58% of people disapproved of her decision to go on “I’m a Celebrity…” compared to only 16% who approved. 57% disagreed that she’d be able to get more publicity for the issues she cared about on the show rather than at Westminster, 54% disagreed that donating her MPs salary to charity made up for her absence. On whether or not she was a good MP people were evenly split 35% thought she was, 35% thought she wasn’t. Finally, 58% of people thought the Conservative party were right to suspend her, compared to 26% who thought it was wrong (17% said it should have been left to the local party to decide). Conservative voters were even more hostile – 64% thought it was right to suspend her.

44% of people said they were less likely to vote for her because of her appearance on “I’m a Celebrity…”, only 8% were more likely. Readers will know my reservations over questions like this – lots of the people saying less likely are Labour and Lib Dem voters anyway, so they are hardly lost votes. I’d even take the 44% of Tory voters who said less likely with quite a big pinch of salt, as in the event that Nadine Dorries somehow ends up standing as a Conservative candidate again lots will end up voting on national issues. Those concerns aside, it does suggest that the MP’s decision has gone down very badly in her constituency.

In other news, today’s YouGov daily poll for the Sun has topline figures of CON 33%, LAB 41%, LDEM 9%, UKIP 10%. That 10% for UKIP is right at the top end of the level of support YouGov have been showing them at and is worth keeping an eye on. At the tail end of last year we also saw an increase in UKIP support when the European summit rose up the media agenda.


Survation have published a poll of Derby North and South Derbyshire constituencies for the Mirror and Progressive Polling, which shows a boost for Labour in both seats. Full tabs are here. The polling methodology itself was largely along ICM lines (telephone survey, weighted by past vote, ICM style weightings on likelihood to vote, and refusals and don’t knows reallocated according to how they say they voted last time).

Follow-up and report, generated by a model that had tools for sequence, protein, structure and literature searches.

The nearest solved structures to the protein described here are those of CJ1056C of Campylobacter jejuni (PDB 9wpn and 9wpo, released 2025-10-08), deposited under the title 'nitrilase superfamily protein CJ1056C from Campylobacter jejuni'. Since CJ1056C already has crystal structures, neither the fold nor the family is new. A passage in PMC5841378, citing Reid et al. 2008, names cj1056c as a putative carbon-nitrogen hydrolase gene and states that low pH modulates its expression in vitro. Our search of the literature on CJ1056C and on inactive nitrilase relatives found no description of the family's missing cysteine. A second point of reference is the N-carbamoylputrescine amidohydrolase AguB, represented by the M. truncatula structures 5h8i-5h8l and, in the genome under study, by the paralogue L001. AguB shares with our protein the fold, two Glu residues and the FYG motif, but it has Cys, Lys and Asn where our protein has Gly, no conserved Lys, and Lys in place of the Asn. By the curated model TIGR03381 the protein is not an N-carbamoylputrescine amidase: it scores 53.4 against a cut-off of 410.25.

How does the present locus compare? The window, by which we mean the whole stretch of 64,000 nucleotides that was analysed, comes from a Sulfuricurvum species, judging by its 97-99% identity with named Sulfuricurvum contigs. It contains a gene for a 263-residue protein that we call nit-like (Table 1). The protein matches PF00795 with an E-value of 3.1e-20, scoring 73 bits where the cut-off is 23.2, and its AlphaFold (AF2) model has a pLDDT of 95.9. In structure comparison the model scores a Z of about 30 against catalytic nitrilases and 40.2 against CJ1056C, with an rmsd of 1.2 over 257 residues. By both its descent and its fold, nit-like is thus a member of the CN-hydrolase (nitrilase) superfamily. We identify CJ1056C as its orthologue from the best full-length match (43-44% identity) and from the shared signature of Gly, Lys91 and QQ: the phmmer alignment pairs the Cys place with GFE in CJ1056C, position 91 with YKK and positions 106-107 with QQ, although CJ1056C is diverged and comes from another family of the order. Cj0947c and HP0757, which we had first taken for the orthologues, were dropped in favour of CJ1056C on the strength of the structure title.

In Derby North, currently a Labour marginal, the poll found figures of CON 23%(-9), LAB 51%(+18), LDEM 11%(-16), BNP 10%(+6), Others 6%(+3).

In South Derbyshire, currently a relatively comfortable Conservative seat, the poll found figures of CON 32%(-14), LAB 51%(+15), LDEM 9%(-7), BNP 1%(-3), Others 12%(+9)

The precise shares of the vote aren’t that interesting, given they are based on 174 and 149 people respectively, and hence have very large margins of error, but the overall picture is of a big swing towards Labour. Labour’s performance isn’t radically different from national polls, but there is a sharp drop in Tory support, something national polls aren’t showing. It implies that the Conservatives are doing worse in Derby than elsewhere.

Now, a plausible explanation is that this is connected with the Bombardier decision… it is certainly possible for large industrial closures to have big effects on particular seats (an excellent example is Redcar at the last election, where one assumes the closure of the steelworks was a factor behind the massive swing).

However, it pays to remember that correlation does not equal causality. This could be a Bombardier effect, it could be that the Conservatives are doing worse in a lot of urban seats, or in Midlands seats, or something entirely different. We don’t know. The rest of the questions are of no use in determining salience of the issue – questions of the “How likely is X to affect your vote at the election” pattern are worse than useless (they give false prominence to an issue with no requirement to balance it against other issues, or any measure of how likely people actually are to change their vote).

Of course, in practice we are probably years away from an election (in the Redcar example I quoted above the steel plant was mothballed a matter of months before the election) and there are likely to be major boundary changes in the Derby area (I’d expect Mid-Derbyshire to get the chop, with consequential knock on effects) anyway, but an interesting local straw in the wind nonetheless.

UPDATE: Unconnected to this (well, no more connected to this than every other post I make), there’s a very good explanation of sample error from Ben Goldacre here.